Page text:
Ms. Biagtan discussed the Water Shortage Contingency Plan which is part of the UWMP and presents Zone 7's plans during water shortages, foreseeable events such as droughts, unforeseeable events such as earthquakes or infrastructure failure, that could limit Zone 7's water supply. The plan addresses how Zone 7 will close the gap between supply and demand during the water shortages. She provided examples of shortage response actions.
Dr. Flores shared comment highlights received from Dublin San Ramon Services District (DSRSD) and citizen of the public, Mr. David Lunn. She then went over the staff responses to each of these. There were no substantial edits to content recommended, but staff intent to make some minor changes to the document to improve clarity and readability.
President Sanwong thanked Dr. Flores and Ms. Biagtan for their comprehensive presentation. She opened Board questions and comments to staff, and then explained that the public hearing would be opened for public comments.
Director Smith McDonald asked Dr. Flores to address the incremental increase in demand to the public who may perceive it to be much higher due to the construction and development in the Valley. She also stated that new construction is less water demanding than older homes in the area.
Dr. Flores pointed out that retailer demand in 2020 was actually at about 38,000 acre feet, which still shows a fair increase over time. There are also competing effects on demand while conservation occurs and demand increases. Demands continue to shift between existing and new customers. Dr. Flores agreed that new construction tends to have more water efficient systems in place. There is also a transition from single family homes to multi-family units which consumes less water on a per unit basis due to less outdoor irrigation associated with them.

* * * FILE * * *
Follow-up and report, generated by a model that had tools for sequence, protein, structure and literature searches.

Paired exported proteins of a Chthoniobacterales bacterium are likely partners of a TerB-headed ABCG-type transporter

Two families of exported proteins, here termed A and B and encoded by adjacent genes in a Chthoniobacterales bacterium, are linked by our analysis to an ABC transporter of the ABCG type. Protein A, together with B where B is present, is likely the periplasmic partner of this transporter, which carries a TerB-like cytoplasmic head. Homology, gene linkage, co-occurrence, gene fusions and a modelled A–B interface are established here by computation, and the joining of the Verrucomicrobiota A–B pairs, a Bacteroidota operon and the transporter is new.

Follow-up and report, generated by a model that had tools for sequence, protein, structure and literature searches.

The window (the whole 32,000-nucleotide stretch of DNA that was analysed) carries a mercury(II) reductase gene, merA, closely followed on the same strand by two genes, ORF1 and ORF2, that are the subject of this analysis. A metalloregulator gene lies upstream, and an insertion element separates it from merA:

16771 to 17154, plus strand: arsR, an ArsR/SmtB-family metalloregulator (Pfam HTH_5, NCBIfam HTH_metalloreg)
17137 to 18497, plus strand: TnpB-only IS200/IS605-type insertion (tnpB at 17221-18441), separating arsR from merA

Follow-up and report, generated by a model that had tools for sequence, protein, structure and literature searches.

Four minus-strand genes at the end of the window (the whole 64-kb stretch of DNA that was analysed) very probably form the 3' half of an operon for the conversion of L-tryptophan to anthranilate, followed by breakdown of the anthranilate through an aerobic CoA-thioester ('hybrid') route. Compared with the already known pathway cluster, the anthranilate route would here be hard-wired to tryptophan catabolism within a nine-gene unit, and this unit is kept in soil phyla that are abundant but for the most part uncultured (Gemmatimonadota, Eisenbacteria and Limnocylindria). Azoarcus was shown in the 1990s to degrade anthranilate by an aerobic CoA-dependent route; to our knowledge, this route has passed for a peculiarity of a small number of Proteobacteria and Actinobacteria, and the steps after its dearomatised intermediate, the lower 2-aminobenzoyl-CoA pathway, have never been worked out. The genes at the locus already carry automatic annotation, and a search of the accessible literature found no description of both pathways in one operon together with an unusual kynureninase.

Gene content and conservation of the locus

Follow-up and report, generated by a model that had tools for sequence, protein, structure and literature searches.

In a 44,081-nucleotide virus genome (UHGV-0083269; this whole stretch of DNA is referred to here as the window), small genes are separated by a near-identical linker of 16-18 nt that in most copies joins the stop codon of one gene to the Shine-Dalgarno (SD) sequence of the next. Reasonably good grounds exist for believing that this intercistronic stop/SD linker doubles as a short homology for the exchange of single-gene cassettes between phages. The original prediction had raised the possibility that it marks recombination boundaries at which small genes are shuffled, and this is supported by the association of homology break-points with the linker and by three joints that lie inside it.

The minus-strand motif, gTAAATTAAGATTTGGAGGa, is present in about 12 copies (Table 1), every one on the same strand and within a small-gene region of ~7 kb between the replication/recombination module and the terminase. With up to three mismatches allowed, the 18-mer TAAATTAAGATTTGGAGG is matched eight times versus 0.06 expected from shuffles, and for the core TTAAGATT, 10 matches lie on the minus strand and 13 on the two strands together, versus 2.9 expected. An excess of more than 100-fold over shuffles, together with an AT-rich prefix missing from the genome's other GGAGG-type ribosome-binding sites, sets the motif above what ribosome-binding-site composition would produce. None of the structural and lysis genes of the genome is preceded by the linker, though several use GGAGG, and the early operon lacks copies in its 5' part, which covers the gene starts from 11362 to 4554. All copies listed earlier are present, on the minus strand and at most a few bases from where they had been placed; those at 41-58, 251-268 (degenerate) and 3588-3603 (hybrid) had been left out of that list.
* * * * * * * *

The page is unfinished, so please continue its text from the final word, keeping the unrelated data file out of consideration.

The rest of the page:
Director Palmer pointed out that new town homes and apartments require less water due to the reduced need for outdoor irrigation. She thanked staff and West Yost for putting together a very good project.
Director Gambs thanked staffed and the West Yost for putting together the presentation. He also acknowledged Mr. Lunn, a former Water Resources Manager at Zone 7, for his comments as it is great to have public participation, especially from somebody who has some expertise. He then asked how Zone 7's reliability compares to nearby water agencies.
Dr. Flores stated that the water world is very challenging for everyone across the state of California, so other agencies are pursuing the same projects as they all have a similar need for increased reliability in their system and additional water supplies. Reliability policies would need to be reviewed of the different agencies. Agencies also differ in terms of their access to water supply, how long they have been in existence, types of water rights, and the infrastructure. Zone 7 is highly dependent on imported water relative to other parts of the state. She touched on the diversity and complexity of water systems across the state and explained that all agencies are affected by the variability in hydrology and impacts of climate change.
Director Ramirez Holmes acknowledged the great presentation. She asked about the limited use of the reserve fund that was established to help cover shortages to 10% and how staff came up with the amount. She also asked if it was flexible in terms of evaluating.
Osborn Solitei, Treasurer/Assistant General Manager, Finance, explained that the water shortage surcharge assumed reserves funded at target level and surcharge only applies to volume-based water sales revenue, which is currently at 40% and likely 42.25% next year. Staff recommends using 10% of the reserve for economic uncertainties to mitigate for revenue loss during the drought. He stated that it was flexible and always the Board's decision.
Director Ramirez Holmes appreciated the adjusted surcharge amounts decreasing, coordination with the change to fixed rate and the implementation of a sunset as part of it and leaving that option in case reserves were depleted.
Director Green thanked staff and Ms. Biagtan for the presentation.